Primary language, income and the intensification of anti-glycemic medications in managed care: The (TRIAD) study

O. Kenrik Duru, Dori Bilik, Laura N. McEwen, Arleen F. Brown, Andrew J. Karter, J. David Curb, David G. Marrero, Shou En Lu, Michael Rodriguez, Carol M. Mangione

Research output: Contribution to journalArticlepeer-review

7 Scopus citations


BACKGROUND: Patients who speak Spanish and/or have low socioeconomic status are at greater risk of suboptimal glycemic control. Inadequate intensification of anti-glycemic medications may partially explain this disparity. OBJECTIVE: To examine the associations between primary language, income, and medication intensification. DESIGN: Cohort study with 18-month follow-up. PARTICIPANTS: One thousand nine hundred and thirty-nine patients with Type 2 diabetes who were not using insulin enrolled in the Translating Research into Action for Diabetes Study (TRIAD), a study of diabetes care in managed care. MEASUREMENTS: Using administrative pharmacy data, we compared the odds of medication intensification for patients with baseline A1c≥8%, by primary language and annual income. Covariates included age, sex, race/ethnicity, education, Charlson score, diabetes duration, baseline A1c, type of diabetes treatment, and health plan. RESULTS: Overall, 42.4% of patients were taking intensified regimens at the time of follow-up. We found no difference in the odds of intensification for English speakers versus Spanish speakers. However, compared to patients with incomes <$15,000, patients with incomes of $15,000-$39,999 (OR 1.43, 1.07-1.92), $40,000-$74,999 (OR 1.62, 1.16-2.26) or >$75,000 (OR 2.22, 1.53-3.24) had increased odds of intensification. This latter pattern did not differ statistically by race. CONCLUSIONS: Low-income patients were less likely to receive medication intensification compared to higher-income patients, but primary language (Spanish vs. English) was not associated with differences in intensification in a managed care setting. Future studies are needed to explain the reduced rate of intensification among low income patients in managed care.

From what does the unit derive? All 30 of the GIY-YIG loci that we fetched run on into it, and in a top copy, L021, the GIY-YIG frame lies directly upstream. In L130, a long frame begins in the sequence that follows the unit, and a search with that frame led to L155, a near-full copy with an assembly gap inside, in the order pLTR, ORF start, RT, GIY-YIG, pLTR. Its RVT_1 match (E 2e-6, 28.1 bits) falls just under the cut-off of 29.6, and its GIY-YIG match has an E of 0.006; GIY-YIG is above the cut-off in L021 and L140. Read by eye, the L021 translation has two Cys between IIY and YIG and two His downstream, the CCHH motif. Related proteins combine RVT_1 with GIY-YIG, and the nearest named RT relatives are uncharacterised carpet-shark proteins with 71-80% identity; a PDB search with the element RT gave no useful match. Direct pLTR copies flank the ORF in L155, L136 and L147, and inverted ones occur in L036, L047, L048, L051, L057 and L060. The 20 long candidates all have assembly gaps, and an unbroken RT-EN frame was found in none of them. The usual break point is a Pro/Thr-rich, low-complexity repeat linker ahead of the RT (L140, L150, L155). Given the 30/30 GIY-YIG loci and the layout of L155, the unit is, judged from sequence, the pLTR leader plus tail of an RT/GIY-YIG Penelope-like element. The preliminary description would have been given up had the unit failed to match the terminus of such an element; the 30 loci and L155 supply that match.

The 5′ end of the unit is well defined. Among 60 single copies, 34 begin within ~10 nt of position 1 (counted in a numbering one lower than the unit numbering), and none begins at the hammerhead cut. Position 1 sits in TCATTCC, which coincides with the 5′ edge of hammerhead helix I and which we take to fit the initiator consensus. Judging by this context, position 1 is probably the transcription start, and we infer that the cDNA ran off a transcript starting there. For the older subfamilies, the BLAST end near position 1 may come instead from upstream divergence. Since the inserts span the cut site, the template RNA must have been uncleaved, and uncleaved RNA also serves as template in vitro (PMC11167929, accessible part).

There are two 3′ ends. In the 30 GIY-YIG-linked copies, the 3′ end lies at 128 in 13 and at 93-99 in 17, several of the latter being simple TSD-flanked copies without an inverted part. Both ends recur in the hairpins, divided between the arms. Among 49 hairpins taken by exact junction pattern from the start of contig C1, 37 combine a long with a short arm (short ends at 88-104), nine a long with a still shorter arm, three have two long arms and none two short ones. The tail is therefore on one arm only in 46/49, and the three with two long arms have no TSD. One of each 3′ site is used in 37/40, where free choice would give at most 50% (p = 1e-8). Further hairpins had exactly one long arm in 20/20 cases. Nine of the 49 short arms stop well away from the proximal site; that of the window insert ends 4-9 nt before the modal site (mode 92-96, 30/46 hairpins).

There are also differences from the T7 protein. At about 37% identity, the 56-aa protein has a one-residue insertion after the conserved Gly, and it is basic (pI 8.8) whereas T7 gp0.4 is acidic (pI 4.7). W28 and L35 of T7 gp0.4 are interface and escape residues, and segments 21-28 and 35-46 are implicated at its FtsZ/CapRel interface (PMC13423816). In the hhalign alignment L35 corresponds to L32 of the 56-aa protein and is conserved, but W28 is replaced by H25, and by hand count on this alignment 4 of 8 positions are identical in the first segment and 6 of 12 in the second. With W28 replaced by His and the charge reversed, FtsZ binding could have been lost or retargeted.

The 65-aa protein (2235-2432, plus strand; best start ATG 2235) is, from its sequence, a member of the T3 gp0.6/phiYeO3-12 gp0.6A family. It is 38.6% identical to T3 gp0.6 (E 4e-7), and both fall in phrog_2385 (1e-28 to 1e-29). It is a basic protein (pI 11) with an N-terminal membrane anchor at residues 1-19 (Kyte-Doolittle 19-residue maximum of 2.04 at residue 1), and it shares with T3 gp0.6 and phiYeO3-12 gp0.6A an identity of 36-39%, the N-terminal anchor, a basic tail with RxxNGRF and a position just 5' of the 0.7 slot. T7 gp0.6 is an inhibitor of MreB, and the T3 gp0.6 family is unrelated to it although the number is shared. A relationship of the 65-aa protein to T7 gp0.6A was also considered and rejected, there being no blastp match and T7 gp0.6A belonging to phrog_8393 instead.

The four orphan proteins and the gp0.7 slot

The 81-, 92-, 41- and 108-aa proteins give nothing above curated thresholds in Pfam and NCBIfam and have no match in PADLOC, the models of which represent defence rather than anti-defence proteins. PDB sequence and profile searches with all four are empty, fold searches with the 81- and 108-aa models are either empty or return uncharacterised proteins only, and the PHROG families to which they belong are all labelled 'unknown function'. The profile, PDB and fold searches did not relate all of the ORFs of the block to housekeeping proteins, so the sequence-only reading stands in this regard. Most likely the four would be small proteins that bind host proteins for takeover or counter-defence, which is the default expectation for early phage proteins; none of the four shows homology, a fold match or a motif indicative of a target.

Original languageEnglish (US)
Pages (from-to)505-511
Number of pages7
JournalJournal of General Internal Medicine
Issue number5
StatePublished - May 2011
Externally publishedYes

ASJC Scopus subject areas

  • Internal Medicine


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